Acid dreams: the CIA, LSD, and the sixties rebellion

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Grove/Atlantic, Incorporated, 1985 - Medical - 343 pages
48 Reviews
Acid Dreams is the complete social history of LSD and the counterculture it helped to define in the sixties. Martin Lee and Bruce Shlain's exhaustively researched and astonishing account -- part of it gleaned from secret government files -- tells how the CIA became obsessed with LSD as an espionage weapon during the early 1950s and launched a massive covert research program, in which countless unwitting citizens were used as guinea pigs. Though the CIA was intent on keeping the drug to itself, it ultimately couldn't prevent it from spreading into the popular culture; here LSD had a profound impact and helped spawn a political and social upheaval that changed the face of America. From the clandestine operations of the government to the escapades of Timothy Leary, Abbie Hoffman, Ken Kesey and his Merry Pranksters, Allen Ginsberg, and many others, Acid Dreams provides an important and entertaining account that goes to the heart of a turbulent period in our history. Book jacket.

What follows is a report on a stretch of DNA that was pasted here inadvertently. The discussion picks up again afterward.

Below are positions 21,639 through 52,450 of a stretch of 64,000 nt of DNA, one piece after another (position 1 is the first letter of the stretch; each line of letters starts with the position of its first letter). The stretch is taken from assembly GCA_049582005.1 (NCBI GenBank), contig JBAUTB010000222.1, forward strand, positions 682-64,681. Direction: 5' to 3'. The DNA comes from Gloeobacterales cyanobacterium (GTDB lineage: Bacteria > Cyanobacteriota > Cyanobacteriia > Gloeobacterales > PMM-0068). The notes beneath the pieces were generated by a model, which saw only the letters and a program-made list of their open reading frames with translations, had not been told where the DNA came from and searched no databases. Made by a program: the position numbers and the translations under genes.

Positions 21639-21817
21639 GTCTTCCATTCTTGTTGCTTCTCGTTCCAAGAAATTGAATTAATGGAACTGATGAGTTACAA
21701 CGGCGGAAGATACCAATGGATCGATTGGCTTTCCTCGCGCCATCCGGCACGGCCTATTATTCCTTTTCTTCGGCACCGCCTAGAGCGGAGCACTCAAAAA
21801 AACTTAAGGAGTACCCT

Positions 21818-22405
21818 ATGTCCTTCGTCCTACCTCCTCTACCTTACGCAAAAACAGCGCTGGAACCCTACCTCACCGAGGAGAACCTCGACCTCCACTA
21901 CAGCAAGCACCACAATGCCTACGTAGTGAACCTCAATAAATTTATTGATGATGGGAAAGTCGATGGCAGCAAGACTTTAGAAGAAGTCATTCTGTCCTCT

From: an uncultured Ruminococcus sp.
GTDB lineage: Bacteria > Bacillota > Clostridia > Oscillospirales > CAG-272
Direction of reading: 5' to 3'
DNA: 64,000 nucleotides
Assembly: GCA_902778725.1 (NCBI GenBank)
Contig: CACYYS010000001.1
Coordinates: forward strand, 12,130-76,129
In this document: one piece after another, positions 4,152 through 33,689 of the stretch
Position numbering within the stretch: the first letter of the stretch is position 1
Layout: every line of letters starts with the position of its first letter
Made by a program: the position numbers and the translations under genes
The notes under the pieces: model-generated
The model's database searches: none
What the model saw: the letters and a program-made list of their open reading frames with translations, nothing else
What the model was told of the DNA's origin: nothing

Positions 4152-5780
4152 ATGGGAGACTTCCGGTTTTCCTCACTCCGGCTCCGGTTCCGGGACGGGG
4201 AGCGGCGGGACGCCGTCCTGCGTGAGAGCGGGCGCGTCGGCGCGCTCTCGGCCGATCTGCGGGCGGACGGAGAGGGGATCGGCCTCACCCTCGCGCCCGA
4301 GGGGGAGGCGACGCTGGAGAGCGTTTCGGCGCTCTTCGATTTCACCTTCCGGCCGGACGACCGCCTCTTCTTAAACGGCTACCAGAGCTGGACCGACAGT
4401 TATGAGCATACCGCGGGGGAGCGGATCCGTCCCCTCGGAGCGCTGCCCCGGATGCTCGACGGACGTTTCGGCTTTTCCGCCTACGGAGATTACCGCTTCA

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Review: Acid Dreams: The CIA, LSD and the Sixties Rebellion

User Review  - Tom Lowe - Goodreads

A real eye-opener. I sometimes judge a book on how much it teaches and informs, and this is one of the best. Because of this book, I'm now much more tuned-in about the drug culture and the convoluted ... Read full review

Review: Acid Dreams: The CIA, LSD and the Sixties Rebellion

User Review  - Jim Rossi - Goodreads

This is basically a scholarly version of "The Electric Kool-Aid Acid Test," one of my favorite books. The fact that "Acid Dreams" is written in scholarly, laconic style makes it an even better read ... Read full review

All 35 reviews »

Contents

IN THE BEGINNING THERE WAS MADNESS
3
PSYCHEDELIC PIONEERS
44
UNDER THE MUSHROOM OVER THE RAINBOW
71
Copyright

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